Since I announced my upcoming book Bringing Up Race: How to Raise a Kind Child in a Prejudiced World (pre-order on Amazon or Waterstones), I’ve been invited onto a variety of platforms to discuss race relations. One question that comes up again and again is what media parents can use to help them talk about race with their children.
I believe stories are the best ways we can learn, connect and grow as humans. Lately, you can find lots of anti-racist reading lists being shared widely across the internet and social media. Books are brilliant and I will be posting some more reading recommendations soon. But another thing that you can do together as a family is watch TV and movies that engage with race and racial justice.
We watch tons of shows with our boys in a variety of genres. We seek out stories that put Black and Brown characters at the heart of the narrative. Every now and then, we’ll watch a documentary or series that’s purely educational. However, for the most part, we pick things that are fun for every age group and that normalise diversity. Here are some of our favourites as well as a few shows, movies and documentaries on our watchlist:
What to Watch with Your Kids to Spark a Conversation about Race
WATCH WITH YOUNGER KIDS (AGES 0-7)
Bino and Fino (U)
Nigeria’s first cartoon for kids is a loveable learning resource on African culture. Available in 10 languages.
Doc McStuffins (U)
An African American family takes the lead in this animated show about a 6-year-old doctor in training.
JoJo and Gran Gran (U)
The UK’s first animated series centred on a Black main character and her family.
Motown Magic (U)
Soul legend Smokey Robinson is executive producer on this animated show about 8-year-old Ben who brings the streets to life with his magic paintbrush and the music of Motown.
Nella the Princess Knight (U)
She’s a knight AND she’s a princess who also happens to be of mixed heritage. Sweet animation.
Niko and the Sword of Light (PG)
It’s refreshing to see a dark-skinned hero, voiced by African American actor, on this animated adventure series.
Groundbreaking when it launched in 2011, this cartoon follows Rastamouse and his reggae-playing, crime-fighting crew.
Sesame Street (U)
The classic puppet show has always been ahead of its time on issues of race, diversity and inclusion.
The Epic Tales of Captain Underpants (PG)
Hilarious show about two friends, George and Harold, who turn their head teacher into an undies-wearing superhero.
Remake of the classic musical with Quvenzhane Wallis as foster kid Annie and Jamie Foxx as Daddy Warbucks.
Hair Love (U)
Oscar-winning animated short about a dad learning how to style his daughter’s Afro hair (pictured).
Kirikou and the Sorceress (PG)
Stylish animation set in an African village and inspired by a folk tale.
Filled with brilliant songs, this Pacific islander animation features one of Disney’s few darker-skinned heroines.
The legend of a Chinese warrior princess is being remade in a live-action film with an all-Asian cast.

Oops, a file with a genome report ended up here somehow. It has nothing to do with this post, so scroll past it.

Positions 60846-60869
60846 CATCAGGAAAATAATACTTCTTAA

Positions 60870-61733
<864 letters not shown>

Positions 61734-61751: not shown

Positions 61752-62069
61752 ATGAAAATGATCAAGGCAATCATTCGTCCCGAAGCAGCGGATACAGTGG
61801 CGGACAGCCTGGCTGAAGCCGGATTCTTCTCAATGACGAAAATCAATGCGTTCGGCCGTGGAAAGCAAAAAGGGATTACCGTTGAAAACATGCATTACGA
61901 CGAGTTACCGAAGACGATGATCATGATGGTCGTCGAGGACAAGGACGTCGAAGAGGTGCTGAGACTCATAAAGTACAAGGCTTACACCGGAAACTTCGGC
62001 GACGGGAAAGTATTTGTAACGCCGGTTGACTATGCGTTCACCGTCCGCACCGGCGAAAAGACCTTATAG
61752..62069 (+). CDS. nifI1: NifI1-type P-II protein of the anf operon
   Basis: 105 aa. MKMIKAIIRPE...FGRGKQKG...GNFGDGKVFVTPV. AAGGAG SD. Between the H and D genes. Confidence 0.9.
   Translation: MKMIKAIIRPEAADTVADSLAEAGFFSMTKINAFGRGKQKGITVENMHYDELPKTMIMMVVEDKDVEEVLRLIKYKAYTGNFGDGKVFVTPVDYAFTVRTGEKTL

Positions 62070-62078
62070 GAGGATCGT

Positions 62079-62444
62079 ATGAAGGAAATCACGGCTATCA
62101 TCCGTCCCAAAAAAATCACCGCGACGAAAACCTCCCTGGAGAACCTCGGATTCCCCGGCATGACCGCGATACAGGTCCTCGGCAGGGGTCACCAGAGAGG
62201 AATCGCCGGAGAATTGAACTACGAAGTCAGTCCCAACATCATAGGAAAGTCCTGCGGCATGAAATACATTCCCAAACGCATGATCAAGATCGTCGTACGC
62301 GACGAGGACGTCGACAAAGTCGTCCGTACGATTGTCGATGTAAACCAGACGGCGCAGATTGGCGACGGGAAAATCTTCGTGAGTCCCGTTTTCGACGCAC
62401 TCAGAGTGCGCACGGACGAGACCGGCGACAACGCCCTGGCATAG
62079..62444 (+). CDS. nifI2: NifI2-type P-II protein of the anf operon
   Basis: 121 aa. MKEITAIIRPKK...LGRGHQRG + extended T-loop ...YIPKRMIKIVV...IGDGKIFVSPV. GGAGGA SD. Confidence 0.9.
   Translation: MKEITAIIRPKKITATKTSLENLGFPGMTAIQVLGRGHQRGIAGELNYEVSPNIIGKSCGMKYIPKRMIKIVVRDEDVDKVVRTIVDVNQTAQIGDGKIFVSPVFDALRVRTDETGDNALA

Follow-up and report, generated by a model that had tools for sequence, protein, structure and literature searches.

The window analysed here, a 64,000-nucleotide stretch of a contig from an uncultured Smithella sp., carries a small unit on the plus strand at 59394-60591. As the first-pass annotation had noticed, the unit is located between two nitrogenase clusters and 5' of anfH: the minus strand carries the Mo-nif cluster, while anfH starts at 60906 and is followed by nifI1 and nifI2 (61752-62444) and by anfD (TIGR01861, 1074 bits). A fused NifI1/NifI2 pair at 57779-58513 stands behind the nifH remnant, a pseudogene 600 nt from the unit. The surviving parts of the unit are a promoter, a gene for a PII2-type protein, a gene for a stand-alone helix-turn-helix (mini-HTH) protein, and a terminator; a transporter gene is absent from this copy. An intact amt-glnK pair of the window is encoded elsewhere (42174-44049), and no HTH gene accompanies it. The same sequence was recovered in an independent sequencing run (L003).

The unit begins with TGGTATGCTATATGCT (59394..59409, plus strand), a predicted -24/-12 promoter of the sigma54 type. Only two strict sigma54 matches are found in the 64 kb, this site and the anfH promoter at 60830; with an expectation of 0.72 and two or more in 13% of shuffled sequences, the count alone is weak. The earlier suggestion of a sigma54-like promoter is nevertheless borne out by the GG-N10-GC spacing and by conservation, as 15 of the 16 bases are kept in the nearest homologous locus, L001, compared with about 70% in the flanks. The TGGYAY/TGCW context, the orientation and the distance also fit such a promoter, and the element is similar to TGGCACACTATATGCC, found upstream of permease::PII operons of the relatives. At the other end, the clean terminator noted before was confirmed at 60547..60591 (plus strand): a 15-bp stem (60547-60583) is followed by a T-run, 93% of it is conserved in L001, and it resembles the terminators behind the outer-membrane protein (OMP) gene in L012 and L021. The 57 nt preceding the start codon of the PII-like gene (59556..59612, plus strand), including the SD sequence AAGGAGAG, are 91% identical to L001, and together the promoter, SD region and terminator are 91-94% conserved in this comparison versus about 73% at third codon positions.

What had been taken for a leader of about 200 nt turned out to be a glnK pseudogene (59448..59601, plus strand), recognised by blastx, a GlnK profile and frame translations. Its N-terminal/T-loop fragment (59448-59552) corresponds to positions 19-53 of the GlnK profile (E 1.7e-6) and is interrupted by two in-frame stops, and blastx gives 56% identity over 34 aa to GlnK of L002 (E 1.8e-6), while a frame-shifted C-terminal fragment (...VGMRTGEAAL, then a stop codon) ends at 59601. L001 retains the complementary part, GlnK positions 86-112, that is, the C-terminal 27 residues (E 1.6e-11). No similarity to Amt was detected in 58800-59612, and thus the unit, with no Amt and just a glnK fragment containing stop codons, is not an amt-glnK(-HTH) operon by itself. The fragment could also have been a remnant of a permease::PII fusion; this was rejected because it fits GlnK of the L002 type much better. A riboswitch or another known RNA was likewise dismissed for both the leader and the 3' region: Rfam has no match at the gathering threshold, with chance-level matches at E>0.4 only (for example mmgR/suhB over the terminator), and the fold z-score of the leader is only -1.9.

The Princess and the Frog (U)
Heroine Tiana is Disney’s first Black princess.
Ruby Bridges (PG)
The true story of a brave little 6-year-old, one of the first students to attend an all-White school in the Deep South.
The Snowy Day (U)
Adaptation of Ezra Jack Keats’ beautiful picture book starring a Black boy named Peter who goes on a snowy walk.
The adventures of a Sudanese boy called Maki and his friendship with an internationally famous giraffe.
Lively Disney animation that cleverly explores themes of prejudice and stereotyping.
A Kids Book About Racism
Author Jelani Memory reads from his sweet, punchy and poignant book for ages 5+.
How I Teach Children About Race (Kindergarten and First Grade)
US teacher Naomi O’Brien talks through some of her lessons and helpful resources on race education.
How to Change the World (a work in progress) by Kid President
You should watch everything by the awesome Kid President (pictured). This is a great place to start.
Sesame Street: Elmo’s Fur and Whoopi’s Hair
Adorable video to encourage your kids to talk about differences.
WATCH WITH OLDER KIDS (AGES 8-12)
Avatar: The Last Air Bender (U)
Absolutely fantastic adventure animation set in Asia, based on characters inspired by Inuit, Japanese, Chinese and Tibetan culture.
The highs and lows of a Black upper middle class family in a White neighbourhood. Sometimes cringe-worthy but often crack-you-up hilarious and lots of good conversation starters.
Set in a Peckham barbershop, the UK’s most successful Black sitcom was filled with memorable characters.
Everybody Hates Chris (PG)
Fun and feisty comedy series based on the childhood of comedian Chris Rock.
Family Reunion (PG)
Likeable sitcom about an African American family leaving the big city and moving in with grandparents in the US South.
Fresh Off the Boat (PG)
America’s first sitcom featuring an Asian-American family at its centre, based on comedian Eddie Huang’s memoirs.
The Fresh Prince of Bel-Air (12)
Classic comedy series about a streetwise teen (Will Smith) who moves in with his aunt and uncle in ritzy Bel-Air.
The Hollow (PG)
Mind-bending animated series about three friends who get caught in an alternate reality.
Kim’s Convenience (Guidance)
Enjoyable multicultural sitcom from Toronto, revolving around the Korean-Canadian owners of a grocery store.
Meet the Adebanjos (PG)
Culture-clashing comedy following a Nigerian father raising his kids in Britain.
Raising Dion (12)
A Black single mother discovers her 7-year-old son (pictured) is a superhero.
The Unlisted (PG)
Engaging Australian sci-fi drama centres on twins of South Asian descent and their family.
Akeelah and the Bee (12A)
A young Black girl competes for a spelling bee competition with help from her mentor (Lawrence Fishburne).
Black Panther (12A)
Marvel’s stunning Afrocentric superhero movie set in Wakanda, a fictional country that has never been colonised.